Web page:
Book Reviews

Seven Grains of Paradise

The author is a journalist, anthropologist, development researcher/writer, and Senior Fellow with the independent think tank of the Oakland institute and tells the story of poverty, hardship, and exploitation of Africa.

She is, a long-time traveller and consultant in Africa, tells a fascinating story of many kinds African foods.

This vast continent has rich farming traditions, intricate cuisines, and multitude of food cultures.

In this highly informative book the author tells eloquently about her experiences in farms, markets, restaurants, and kitchens.

She also delves into history and points out how European countries dominated and exploited the rich natural resources in sub-Saharan countries.

Christian missionaries have been active in Africa since the 15th century and helped convert millions to Christianity, but not always beneficial to some Africans.

Now, with international trade evolution, corporate food giants have managed to infiltrate local agriculture in an attempt to export surplus food to poor African countries. This EU taxpayer subsidized food is exported at well below cost and local small-scale, family operated African farmers cannot compete, which literally ruins them.

Can you imagine Nestle, one of the largest food conglomerates of the world, selling nutritionally worthless Magi (a food flavouring product) to millions in Africa, merely by advertising in thousands of publications, or the Netherlands exporting cooking inions to Sierra Leone. As a result of such idiotic policies millions had to abandon their small farms and settle in large cities in an attempt to find work and to subsist.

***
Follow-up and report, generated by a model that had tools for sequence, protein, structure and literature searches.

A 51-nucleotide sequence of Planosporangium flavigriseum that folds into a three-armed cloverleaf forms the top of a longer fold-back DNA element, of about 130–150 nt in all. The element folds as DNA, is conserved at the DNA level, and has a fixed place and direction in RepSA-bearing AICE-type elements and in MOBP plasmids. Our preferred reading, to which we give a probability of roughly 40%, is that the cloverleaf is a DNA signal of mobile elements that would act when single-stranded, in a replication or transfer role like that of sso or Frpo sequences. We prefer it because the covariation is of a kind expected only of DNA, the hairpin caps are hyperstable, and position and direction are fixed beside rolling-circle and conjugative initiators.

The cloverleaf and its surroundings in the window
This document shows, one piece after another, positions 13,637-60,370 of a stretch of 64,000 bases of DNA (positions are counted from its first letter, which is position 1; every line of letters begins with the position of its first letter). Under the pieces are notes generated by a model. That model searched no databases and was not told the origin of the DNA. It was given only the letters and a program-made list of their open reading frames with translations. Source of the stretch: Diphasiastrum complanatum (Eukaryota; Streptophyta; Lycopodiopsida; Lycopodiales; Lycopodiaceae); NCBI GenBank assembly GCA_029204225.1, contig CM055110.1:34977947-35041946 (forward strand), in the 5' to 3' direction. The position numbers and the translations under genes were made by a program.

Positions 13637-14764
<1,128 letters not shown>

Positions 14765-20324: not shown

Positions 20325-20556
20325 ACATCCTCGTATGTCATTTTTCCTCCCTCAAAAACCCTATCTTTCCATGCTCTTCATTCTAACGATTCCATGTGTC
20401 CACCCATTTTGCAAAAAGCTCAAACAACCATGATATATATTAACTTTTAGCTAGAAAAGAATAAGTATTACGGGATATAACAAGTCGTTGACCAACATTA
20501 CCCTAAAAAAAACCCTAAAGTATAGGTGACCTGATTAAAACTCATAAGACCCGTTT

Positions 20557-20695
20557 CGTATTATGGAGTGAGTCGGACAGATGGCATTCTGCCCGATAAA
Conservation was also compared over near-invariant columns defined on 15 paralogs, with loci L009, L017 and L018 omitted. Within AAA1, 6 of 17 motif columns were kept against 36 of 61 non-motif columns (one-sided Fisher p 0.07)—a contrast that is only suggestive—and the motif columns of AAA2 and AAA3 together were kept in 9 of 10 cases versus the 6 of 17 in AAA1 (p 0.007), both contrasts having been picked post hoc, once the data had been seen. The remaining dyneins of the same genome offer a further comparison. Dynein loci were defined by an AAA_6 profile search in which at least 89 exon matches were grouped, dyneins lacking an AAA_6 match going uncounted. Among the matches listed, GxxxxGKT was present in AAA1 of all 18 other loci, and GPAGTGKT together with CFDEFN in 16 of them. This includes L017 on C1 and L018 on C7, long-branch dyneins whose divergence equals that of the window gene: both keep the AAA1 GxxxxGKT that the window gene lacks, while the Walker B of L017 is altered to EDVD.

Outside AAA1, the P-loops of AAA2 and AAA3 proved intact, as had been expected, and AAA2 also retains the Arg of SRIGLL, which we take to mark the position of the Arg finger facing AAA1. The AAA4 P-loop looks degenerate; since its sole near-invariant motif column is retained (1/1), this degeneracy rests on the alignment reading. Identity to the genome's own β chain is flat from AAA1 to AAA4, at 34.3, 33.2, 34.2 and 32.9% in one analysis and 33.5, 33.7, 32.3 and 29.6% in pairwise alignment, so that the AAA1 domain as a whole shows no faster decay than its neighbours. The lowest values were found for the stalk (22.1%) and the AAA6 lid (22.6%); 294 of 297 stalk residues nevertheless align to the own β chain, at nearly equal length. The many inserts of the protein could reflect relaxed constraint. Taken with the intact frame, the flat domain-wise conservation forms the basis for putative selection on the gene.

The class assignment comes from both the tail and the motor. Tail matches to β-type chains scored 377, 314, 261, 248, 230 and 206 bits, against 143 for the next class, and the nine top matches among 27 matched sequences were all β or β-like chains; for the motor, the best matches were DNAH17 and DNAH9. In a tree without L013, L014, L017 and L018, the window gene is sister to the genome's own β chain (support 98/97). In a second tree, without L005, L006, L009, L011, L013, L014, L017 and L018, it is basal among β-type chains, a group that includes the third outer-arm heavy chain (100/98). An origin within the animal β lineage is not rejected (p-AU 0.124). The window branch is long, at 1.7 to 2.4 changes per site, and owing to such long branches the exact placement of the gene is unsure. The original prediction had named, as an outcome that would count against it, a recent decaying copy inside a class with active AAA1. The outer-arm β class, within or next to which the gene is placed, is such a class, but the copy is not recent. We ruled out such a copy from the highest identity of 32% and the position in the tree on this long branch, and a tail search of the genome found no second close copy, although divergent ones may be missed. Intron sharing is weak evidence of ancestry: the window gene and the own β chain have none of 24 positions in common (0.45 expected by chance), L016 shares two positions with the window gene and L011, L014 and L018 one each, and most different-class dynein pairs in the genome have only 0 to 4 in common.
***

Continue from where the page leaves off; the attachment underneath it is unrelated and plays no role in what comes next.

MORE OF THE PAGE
Corporate food conglomerates both in the U S A and European countries have contributed to such tragic developments.

She tells the story of a president who embarked on a  mission to encourage  the population to become food self-sufficient, but was ultimately assassinated by unidentified secret service organizations  who were persuaded to undertake such a heinous act by unscrupulous company executives.

Don’t expect to find many recipes in this highly informative and eye-opening book, but be prepared to learn how colonial powers impoverished whole regions in Africa and elsewhere in the world

You will also learn that eating habits in Africa differ significantly from western industrial societies.

From the once fabled city of Timbuktu tone southern doge of the Saharan desert to the diamond fields of Sierra Leone, front eh Savannah of the northern Ghana tot eh rainforests of Central Africa readers wille xeprience a delightful jourtney of elarnign to eating and drinking of invigorating indigenous beverages brews, a  wines straight for the trees.

This is an eye-opening book that everyone should sturdy carefully to learn how so called advanced cutleries exploited and still exploit this natural rich continent.

Highly recommended.


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